Daniel Lanois at Massey Hall

Probably best know as U2’s producer, but an excellent musician/ composer in his own right, Daniel Lanois played Massey Hall Friday Nov. 14th.

The concert was recorded for future broadcast by CBC Two, and I can only assume that was the reason for the unwieldy apparatus in front of the artist as he was double miked with a large studio microphone – if memory serves me right it's an RE20 – which didn’t make shooting him any easier.
This setup was a real distraction in most of the photos.

At Massey Hall you are only allowed to shoot from the back of the room by the sound board. Since their sound man always seems to line the singers mic up with the centre aisle, there is always a problem with getting a clear shot of the artist you are photographing as the microphone is in the way for much of the performance.
But the setup Daniel Lanois was using was like some kind of funky bathroom fixture that was in the way a good part of the two songs we were allowed.

Speaking of sound boards.
I turned around to get a good look at the sound board they were using and couldn’t believe how small it was.
About the size of a school desktop.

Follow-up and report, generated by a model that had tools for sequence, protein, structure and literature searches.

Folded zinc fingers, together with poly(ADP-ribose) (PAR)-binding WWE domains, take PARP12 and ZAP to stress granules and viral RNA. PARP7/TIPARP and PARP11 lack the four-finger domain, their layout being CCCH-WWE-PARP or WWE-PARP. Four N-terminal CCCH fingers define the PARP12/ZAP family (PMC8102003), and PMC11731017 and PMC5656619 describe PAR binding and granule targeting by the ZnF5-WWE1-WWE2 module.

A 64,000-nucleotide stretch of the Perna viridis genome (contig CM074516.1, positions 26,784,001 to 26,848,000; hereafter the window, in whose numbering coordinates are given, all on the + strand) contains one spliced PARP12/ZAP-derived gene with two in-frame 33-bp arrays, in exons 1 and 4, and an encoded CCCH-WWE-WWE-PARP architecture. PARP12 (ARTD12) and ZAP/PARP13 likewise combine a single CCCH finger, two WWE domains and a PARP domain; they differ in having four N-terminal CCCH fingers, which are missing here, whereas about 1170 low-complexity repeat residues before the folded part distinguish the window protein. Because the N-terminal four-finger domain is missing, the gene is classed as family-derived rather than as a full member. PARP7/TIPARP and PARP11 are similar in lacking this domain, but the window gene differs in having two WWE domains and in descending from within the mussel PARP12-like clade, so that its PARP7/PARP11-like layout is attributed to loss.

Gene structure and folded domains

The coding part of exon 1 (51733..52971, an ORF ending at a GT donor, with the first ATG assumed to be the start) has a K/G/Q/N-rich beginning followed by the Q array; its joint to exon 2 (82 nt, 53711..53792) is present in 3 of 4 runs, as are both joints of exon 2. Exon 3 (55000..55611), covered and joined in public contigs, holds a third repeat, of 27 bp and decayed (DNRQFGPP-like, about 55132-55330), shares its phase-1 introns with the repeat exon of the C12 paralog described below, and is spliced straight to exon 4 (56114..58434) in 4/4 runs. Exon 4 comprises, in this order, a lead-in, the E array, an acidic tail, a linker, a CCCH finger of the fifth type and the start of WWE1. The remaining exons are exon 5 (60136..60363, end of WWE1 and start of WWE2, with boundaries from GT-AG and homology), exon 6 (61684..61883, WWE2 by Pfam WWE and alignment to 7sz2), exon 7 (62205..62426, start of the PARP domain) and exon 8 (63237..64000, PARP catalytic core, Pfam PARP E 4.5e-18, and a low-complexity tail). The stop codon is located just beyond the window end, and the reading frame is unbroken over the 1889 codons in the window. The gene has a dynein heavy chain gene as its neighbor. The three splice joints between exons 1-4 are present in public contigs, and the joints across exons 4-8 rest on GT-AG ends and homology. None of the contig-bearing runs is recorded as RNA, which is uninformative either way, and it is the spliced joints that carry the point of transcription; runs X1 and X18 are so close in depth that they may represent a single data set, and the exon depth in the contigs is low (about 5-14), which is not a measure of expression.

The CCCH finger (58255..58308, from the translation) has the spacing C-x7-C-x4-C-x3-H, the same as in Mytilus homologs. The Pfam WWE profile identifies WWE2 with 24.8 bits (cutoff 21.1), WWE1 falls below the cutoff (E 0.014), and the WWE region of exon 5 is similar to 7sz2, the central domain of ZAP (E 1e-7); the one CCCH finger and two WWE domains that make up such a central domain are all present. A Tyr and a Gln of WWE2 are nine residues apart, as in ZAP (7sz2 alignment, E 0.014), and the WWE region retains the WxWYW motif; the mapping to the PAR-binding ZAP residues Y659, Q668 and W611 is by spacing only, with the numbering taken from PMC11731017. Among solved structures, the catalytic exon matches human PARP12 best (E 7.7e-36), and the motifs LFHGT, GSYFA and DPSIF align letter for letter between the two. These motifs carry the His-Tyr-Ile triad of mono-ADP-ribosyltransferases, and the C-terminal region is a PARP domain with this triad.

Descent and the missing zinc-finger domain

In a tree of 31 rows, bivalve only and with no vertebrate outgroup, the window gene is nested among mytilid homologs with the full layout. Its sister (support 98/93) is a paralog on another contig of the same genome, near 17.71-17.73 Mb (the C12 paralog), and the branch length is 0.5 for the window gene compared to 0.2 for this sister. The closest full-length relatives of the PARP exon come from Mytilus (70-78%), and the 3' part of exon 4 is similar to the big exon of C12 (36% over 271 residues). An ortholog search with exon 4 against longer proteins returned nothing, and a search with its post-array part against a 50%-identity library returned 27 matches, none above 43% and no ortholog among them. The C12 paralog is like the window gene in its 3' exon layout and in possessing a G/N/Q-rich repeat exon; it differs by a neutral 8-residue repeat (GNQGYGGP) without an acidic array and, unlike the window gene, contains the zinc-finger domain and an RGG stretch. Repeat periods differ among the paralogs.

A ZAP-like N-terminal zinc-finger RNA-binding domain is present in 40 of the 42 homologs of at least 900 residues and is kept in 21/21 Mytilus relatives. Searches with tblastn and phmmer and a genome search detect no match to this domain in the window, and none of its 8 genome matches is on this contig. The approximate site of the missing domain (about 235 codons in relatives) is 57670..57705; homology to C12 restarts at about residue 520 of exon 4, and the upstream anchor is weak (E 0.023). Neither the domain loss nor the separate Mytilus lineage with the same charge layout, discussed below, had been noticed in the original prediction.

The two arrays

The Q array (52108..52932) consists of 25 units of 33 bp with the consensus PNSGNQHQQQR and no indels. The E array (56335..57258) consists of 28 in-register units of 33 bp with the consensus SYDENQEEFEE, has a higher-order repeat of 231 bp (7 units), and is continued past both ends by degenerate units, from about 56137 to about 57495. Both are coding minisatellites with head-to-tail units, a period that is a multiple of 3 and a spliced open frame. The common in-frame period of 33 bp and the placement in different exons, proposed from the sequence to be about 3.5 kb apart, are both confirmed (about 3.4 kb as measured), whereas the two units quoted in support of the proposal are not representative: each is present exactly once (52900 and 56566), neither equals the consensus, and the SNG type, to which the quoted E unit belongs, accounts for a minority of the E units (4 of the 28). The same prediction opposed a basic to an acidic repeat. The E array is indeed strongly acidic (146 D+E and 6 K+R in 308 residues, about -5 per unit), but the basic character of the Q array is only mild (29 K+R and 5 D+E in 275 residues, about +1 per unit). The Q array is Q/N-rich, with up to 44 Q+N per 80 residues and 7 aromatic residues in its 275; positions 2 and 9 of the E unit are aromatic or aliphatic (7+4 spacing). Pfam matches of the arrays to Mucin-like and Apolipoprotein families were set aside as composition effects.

Now a sound board is usually a massive thing about ten feet long. It actually consists of modules, each the same, that contains a fader for volume and various EQ, compression and effects buttons.
Stacking them side by side leads to the massiveness of most sound boards as, with the large number of tracks running simultaneously during a show, many of these modules are needed.

However, the sound man at last night’s show (and I forgot to ask his name, doh!) explained that they were using a state of the art digital board that stacks the rows of faders vertically on top of each other like pages in a book, about 8 inputs to a page.
To access an instrument’s track one just scrolls, almost like an iPod Touch, through the digital pages on a screen. All of the controls themselves are touch points on the screen.
This allows for a very compact board with all the functionality of the full size version, including memorized settings for each track on every song.
You could practically pack it away in the back seat of your car, something you’d never attempt with your average 48 track board.

It was very trick, and I would have done a photo of it for you, but only took the 50-200mm to the concert and would have been able to show you a button or two at best.


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